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Foot and Mouth Disease simulation exercise


Foot and Mouth Disease simulation exercise

The Agriculture and Forestry Ministry will lead the second phase of a majorexercise simulating an outbreak of foot and mouth disease this week, Biosecurity Minister Jim Sutton said today.

Mr Sutton said the exercise, known as Exercise Taurus, has been run in two parts: the first tested systems on the ground and the second will test systems within Government.

The first phase held from the 14th to the 18th of March tested the capability of our Exotic Disease Response Centre (EDRC). It focused on activities in the field at a regional level and the role of the field operations response team (FORT).

Mr Sutton said MAF has learned some valuable information about resourcing, especially the requirements for a large number of veterinarians, some of whom will need to be sourced from an international pool.

The EDRC exercise also provided the basic epidemic scenario for this week's National Response Centre exercise.

A meeting of the industry Chief Executive Officers' Liaison Group, chaired by MAF director-general Murray Sherwin, has also been simulated and has highlighted the need for good industry relationships in a time of crisis.

The second phase of the simulation is aimed at testing the National Response Centre (NRC) today and tomorrow. This exercise will look at the functions of the NRC and its interface with the Domestic and External Security Coordination system, which would be activated during an outbreak of FMD.

The objective of this part of the exercise is to ensure everyone involved understands FMD technical response policies and their implications. It will also give Biosecurity New Zealand the opportunity to test the Whole of Government Response Procedures, in particular those stopping livestock movements nationally as well as vaccination and infected carcasses disposal.

It will also provide the opportunity to clarify the roles and responsibilities of other government agencies involved in an FMD response.

The NRC whole-of-government response will be co-ordinated from the Beehive basement.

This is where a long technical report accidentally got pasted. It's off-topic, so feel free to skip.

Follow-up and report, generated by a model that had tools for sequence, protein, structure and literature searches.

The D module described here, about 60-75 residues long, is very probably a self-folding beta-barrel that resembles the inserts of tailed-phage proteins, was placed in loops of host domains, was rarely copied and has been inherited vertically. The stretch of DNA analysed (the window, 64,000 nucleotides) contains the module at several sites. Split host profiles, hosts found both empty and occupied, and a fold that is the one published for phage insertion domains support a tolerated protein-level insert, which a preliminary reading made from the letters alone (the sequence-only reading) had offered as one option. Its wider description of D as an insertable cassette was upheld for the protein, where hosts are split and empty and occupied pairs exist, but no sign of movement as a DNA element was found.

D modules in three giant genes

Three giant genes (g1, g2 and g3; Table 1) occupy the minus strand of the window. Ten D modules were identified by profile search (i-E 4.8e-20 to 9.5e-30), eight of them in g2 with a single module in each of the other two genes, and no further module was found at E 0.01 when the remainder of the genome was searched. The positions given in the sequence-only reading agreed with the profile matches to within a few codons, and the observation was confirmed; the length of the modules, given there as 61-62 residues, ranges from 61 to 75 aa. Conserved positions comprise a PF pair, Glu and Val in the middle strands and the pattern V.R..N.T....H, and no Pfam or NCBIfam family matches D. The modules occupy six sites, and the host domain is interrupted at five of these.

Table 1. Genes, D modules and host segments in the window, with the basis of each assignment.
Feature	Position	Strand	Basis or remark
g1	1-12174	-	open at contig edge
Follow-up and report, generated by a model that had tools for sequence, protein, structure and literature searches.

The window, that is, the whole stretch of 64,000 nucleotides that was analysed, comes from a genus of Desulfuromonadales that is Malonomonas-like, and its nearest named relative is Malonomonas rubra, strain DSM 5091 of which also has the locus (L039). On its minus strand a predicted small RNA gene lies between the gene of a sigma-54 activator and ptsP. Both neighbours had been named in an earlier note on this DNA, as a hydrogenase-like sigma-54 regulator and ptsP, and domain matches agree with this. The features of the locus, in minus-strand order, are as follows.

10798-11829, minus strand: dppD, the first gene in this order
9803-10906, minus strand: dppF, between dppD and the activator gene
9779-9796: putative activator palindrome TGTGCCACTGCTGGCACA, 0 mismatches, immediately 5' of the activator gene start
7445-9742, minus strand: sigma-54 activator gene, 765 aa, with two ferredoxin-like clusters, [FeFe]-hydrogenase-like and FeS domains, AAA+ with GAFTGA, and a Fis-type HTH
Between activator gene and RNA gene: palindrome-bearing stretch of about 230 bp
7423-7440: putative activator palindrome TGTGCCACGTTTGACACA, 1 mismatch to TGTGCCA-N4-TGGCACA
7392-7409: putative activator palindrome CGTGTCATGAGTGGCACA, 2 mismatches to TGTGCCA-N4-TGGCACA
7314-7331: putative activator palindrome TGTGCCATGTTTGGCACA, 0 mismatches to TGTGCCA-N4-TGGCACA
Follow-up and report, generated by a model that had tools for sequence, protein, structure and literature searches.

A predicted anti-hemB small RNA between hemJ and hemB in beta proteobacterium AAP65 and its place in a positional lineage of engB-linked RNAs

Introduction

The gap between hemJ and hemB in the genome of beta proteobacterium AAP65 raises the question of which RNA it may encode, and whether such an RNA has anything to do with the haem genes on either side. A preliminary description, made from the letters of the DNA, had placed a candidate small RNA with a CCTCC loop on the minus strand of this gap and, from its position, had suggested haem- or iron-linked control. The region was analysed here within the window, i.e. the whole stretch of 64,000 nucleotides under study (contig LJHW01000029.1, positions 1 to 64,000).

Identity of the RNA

Coincidentally, Biosecurity New Zealand will conduct a field trial to evaluate the effectiveness of air curtain incineration for disposal of animal carcasses this week as well.

Air curtain incineration is considered to be an effective method of carcass disposal with minimal environmental impacts. However, one of this trial's objectives will be to measure the emission levels from the incinerator for compliance to Environment Ministry air quality standards. This trial will take place in the Waikato.

Mr Sutton said he was delighted with the co-operation government departments and industry had shown in testing our exotic disease response systems during Exercise Taurus.

"We need to test our systems periodically to ensure we are ready to deal with any potential outbreak and cooperation within government and externally with industry is critical to minimizing the impact of an outbreak.

"We hope that foot and mouth disease will never make it to New Zealand, and certainly the Labour-Progressive Government have put more than 60 per cent extra into baseline biosecurity funding to ensure that it is that much harder to the disease to get here.

"But it is a common disease in many of the countries we trade with and where our tourists come from, so there is a risk."

Mr Sutton said the Reserve Bank had estimated the impact of a foot and mouth disease outbreak here as costing about $6 billion in gdp in the first year and about $10 billion in gdp in the second year.

"So, it's a hugely important area, and it's crucial that everyone ? individuals and groups ? work together to ensure the response is as integrated and comprehensive as possible."


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